In this case, in addition (it is worth remembering that Krypton was the home planet of Superman, in case there is anyone who does not know), these characters, already colorful thanks to their colorful costumes, initially conceived for the comics (and of which I give a full account in the book LA MÚSICA TRAS LA MÁSCARA. THE SUPERHEROIC ERA -Vol. 1-, if I may be permitted the license – read more), the preparation of lights and colors that goes with each FSO concert seems much more appropriate to exploit the thematic showiness of a program full of fanfares, but also of classical overtures such as those dedicated to El Cid, by Miklós Rózsa, Lawrence of Arabia, by Maurice Jarre, or Braveheart, by James Horner (from which the love theme was chosen). In other words, the usual combination of classical and contemporary themes that the Valencian conductor usually presents in his programs. A formula that has proven its success on countless occasions and that, for obvious reasons, Martínez-Orts does not intend to vary one bit.
The program was as follows:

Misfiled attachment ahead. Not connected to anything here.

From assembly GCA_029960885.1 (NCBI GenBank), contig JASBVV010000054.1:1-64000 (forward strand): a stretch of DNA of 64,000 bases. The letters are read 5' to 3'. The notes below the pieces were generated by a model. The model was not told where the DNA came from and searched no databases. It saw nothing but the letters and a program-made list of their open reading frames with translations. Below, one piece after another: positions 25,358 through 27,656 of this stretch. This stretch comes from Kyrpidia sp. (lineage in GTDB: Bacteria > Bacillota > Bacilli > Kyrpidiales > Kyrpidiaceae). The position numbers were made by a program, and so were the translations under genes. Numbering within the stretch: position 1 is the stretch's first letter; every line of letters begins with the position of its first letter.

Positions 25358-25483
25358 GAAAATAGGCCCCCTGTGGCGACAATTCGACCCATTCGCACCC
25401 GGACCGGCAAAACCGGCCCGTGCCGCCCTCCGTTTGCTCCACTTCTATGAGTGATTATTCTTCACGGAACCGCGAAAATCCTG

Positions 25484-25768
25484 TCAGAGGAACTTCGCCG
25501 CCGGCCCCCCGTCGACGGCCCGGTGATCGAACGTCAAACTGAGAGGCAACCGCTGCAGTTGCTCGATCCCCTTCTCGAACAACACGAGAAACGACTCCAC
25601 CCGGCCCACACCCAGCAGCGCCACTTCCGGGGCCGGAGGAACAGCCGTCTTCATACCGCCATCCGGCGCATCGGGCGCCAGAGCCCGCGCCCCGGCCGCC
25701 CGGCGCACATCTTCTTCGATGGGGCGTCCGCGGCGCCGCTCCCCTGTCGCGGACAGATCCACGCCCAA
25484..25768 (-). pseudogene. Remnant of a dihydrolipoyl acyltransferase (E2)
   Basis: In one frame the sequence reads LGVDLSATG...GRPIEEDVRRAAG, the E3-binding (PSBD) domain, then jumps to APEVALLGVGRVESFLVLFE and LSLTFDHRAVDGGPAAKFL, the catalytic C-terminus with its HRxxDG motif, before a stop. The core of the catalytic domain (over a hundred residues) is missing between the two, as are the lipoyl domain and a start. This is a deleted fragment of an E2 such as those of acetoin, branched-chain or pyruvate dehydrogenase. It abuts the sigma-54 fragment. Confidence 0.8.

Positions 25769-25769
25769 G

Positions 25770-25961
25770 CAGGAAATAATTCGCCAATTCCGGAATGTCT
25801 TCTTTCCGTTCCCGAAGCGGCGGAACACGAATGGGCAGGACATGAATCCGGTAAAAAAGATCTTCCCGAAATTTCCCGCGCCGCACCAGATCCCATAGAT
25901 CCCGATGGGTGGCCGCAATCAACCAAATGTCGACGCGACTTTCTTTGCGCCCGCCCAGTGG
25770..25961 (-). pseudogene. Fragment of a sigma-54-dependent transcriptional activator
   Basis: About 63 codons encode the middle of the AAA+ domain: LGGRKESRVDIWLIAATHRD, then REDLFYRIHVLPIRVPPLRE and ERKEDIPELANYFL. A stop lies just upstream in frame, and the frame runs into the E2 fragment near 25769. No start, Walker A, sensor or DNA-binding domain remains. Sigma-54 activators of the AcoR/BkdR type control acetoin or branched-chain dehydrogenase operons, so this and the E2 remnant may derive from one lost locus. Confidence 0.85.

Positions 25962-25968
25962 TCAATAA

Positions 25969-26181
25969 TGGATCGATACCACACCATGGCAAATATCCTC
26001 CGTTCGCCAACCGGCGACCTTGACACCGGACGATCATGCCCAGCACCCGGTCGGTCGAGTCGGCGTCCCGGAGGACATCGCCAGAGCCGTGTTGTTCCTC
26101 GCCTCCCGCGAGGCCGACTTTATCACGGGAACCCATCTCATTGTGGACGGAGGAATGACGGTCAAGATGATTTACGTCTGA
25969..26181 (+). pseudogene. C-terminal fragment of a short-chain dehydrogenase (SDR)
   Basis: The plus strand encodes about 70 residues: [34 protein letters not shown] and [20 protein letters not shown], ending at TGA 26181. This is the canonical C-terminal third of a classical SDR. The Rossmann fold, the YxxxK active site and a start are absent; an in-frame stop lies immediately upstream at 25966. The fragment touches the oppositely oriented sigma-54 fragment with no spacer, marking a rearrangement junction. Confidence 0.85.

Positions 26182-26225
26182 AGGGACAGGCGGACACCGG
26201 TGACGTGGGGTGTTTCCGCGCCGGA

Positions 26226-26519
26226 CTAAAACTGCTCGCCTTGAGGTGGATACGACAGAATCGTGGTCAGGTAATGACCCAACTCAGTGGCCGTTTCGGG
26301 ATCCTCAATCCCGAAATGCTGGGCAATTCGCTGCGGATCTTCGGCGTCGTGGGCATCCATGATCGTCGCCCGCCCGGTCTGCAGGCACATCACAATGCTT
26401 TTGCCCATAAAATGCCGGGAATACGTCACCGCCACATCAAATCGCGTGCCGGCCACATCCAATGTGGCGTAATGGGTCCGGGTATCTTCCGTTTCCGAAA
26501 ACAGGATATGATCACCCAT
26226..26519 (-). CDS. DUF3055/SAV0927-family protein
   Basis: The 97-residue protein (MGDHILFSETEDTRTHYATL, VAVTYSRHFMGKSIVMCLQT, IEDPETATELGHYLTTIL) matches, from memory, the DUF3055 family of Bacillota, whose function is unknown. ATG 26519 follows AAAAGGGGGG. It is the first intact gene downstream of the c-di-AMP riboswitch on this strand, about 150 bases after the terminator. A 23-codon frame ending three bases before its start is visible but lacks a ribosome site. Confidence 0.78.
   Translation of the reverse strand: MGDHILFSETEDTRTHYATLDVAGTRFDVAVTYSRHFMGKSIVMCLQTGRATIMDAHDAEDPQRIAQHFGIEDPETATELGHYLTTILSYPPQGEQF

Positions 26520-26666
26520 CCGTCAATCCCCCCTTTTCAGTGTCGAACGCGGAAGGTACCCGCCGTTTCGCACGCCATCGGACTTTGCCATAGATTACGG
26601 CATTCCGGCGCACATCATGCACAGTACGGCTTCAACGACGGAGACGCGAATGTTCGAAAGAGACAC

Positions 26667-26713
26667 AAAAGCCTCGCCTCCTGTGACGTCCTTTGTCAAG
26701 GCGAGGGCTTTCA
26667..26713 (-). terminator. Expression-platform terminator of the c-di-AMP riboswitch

Thus, the two were alternated in a balanced way, so that the showy opening with the Rozsian overture, much more difficult to interpret than it may seem at first glance, since it is very difficult to get the right tempo (as can be seen in the various re-recordings made in the last twenty years, which suffer from these capabilities, especially the one conducted by James Sedares), as well as to recreate the energy that was invested in the original recording made by the same composer of Hungarian origin, was followed by the majesty of the overture that Danny Elfman composed for his imperishable Batman. Another piece of very difficult recreation, given the technical complication of the original arrangements of that pioneer of film music who was Shirley Walker.